The FOIA also provides that agencies "may" promulgate regulations "providing for the aggregation of certain requests by the same requestor, or by a group of requestors acting in concert, if the agency reasonably believes that such requests actually constitute a single request, which would otherwise satisfy the unusual circumstances specified in this subparagraph, and the requests involve clearly related matters."  Id. § 552(a)(6)(B)(iv). 

Additional Provisions

Although the FOIA requires or provides for agencies to promulgate regulations on the specific topics described above, it does not specifically require regulatory provisions for many other aspects of FOIA administration.  In some areas, such as providing records in any form or format requested if the record is readily reproducible by the agency in that form or format, the text of the FOIA often will suffice and there is no need to further address the point in regulations.  5 U.S.C. § 552 (a)(3)(B).  In other areas, however, it makes sense to include additional regulatory provisions.  For example, while the FOIA requires agencies to give requesters an opportunity to administratively appeal denials of their requests, the statute does not explicitly require agencies to specify appeal procedures in their regulations.  Id. § 552(a)(6)(A)(i).  Nevertheless, including appeal procedures in regulations ensures that agency personnel and requesters understand how and where to make their appeal and what to expect from the appeal process.  The FOIA Improvement Act of 2016 requires agencies to afford requesters a minimum of 90 days to file an administrative appeal.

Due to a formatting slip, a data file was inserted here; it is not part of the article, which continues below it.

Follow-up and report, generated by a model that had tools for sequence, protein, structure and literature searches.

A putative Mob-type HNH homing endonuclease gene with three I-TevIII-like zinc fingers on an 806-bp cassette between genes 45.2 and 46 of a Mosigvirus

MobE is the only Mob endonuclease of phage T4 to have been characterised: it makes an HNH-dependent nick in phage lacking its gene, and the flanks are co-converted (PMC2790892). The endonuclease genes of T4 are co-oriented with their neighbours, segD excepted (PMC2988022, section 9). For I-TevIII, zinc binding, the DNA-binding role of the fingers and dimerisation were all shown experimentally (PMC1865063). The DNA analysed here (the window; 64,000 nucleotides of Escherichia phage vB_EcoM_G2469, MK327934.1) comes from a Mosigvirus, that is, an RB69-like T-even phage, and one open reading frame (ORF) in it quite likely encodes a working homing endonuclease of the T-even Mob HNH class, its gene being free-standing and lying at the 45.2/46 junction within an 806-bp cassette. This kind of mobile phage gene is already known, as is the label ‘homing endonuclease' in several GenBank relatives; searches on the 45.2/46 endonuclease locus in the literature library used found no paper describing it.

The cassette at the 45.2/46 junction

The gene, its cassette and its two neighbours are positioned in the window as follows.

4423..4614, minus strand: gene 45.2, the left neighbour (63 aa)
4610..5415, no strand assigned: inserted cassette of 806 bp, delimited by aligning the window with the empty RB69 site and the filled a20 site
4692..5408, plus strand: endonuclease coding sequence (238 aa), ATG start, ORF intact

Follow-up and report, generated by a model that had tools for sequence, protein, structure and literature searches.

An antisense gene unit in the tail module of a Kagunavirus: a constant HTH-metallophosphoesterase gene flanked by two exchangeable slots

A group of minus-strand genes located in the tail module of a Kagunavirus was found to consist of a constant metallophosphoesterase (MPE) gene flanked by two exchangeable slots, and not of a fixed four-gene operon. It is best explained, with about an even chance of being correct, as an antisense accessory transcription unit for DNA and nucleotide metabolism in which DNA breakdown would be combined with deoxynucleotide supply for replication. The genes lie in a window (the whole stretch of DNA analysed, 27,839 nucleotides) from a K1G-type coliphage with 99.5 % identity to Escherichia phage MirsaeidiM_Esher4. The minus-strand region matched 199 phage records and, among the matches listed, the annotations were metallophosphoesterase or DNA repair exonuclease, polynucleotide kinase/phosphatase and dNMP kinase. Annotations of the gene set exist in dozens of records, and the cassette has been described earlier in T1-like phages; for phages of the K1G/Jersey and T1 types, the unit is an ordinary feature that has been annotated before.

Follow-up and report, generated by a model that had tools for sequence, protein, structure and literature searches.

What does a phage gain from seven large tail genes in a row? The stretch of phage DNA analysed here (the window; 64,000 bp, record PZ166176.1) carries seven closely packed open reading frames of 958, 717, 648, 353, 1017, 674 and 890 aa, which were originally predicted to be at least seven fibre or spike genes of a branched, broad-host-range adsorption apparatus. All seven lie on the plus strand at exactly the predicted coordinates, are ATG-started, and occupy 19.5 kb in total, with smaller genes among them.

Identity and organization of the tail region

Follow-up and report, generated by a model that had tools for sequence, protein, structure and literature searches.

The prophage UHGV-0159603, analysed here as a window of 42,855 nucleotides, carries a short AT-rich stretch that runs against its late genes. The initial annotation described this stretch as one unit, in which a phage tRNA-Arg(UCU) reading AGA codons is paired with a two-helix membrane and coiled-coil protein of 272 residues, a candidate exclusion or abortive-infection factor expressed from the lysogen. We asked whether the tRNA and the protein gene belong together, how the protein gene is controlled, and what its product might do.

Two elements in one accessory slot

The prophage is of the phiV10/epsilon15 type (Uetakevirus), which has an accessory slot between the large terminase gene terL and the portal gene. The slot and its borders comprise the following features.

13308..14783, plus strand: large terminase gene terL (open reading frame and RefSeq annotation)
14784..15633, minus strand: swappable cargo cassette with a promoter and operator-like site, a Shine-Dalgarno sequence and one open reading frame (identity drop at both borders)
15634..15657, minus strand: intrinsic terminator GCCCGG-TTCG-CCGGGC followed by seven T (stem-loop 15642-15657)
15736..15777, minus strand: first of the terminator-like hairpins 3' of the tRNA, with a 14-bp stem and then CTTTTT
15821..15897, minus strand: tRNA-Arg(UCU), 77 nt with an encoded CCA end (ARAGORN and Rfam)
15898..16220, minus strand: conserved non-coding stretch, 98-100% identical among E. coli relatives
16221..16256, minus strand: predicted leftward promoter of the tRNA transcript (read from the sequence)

Additionally, agencies may choose to include provisions that emphasize certain statutory requirements, such as the requirement to route misdirected requests within decentralized agencies, or the requirement to provide notice of dispute resolution services provided by FOIA Public Liaisons or OGIS at various points in the request process.  Doing so helps reinforce the requirements and promotes greater familiarity with them.  Agencies may also go beyond the statutory requirements by including regulatory provisions pertaining to agency policies and procedures on topics such as proactive disclosures, the responsibilities of FOIA Public Liaisons, and the presumption of openness.  For example, OIP encourages agencies to include provisions specifying that they will communicate electronically with requesters as a default if that is the requester’s preferred means of communication.  OIP also encourages agencies to make their FOIA Public Liaison available to requesters to assist them in formulating their request or locating documents that the agency has already proactively disclosed.  By including such provisions, agencies can formalize best practices, strengthen quality customer service, and further promote open government. 

Template for Agency FOIA Regulations

To assist agencies and encourage consistency in FOIA practices across the government, OIP has created a FOIA regulation template for agencies to use as they publish and update their regulations.  The template identifies key items to include and provides sample regulation language.  At the beginning of each section, OIP has included guidelines that summarize the key elements to be addressed.  Some guidelines are labeled as "Customer Service," to designate provisions that agencies are encouraged to include to promote good FOIA customer service.  There are some provisions that restate requirements detailed in the FOIA or in OMB Fee Guidelines and those are flagged as "Included for emphasis."  Finally, some items are noted as providing "Helpful explanation" for agencies and the public.  All agencies should consult the template as they review and update their FOIA regulations. 

Updated July 11, 2017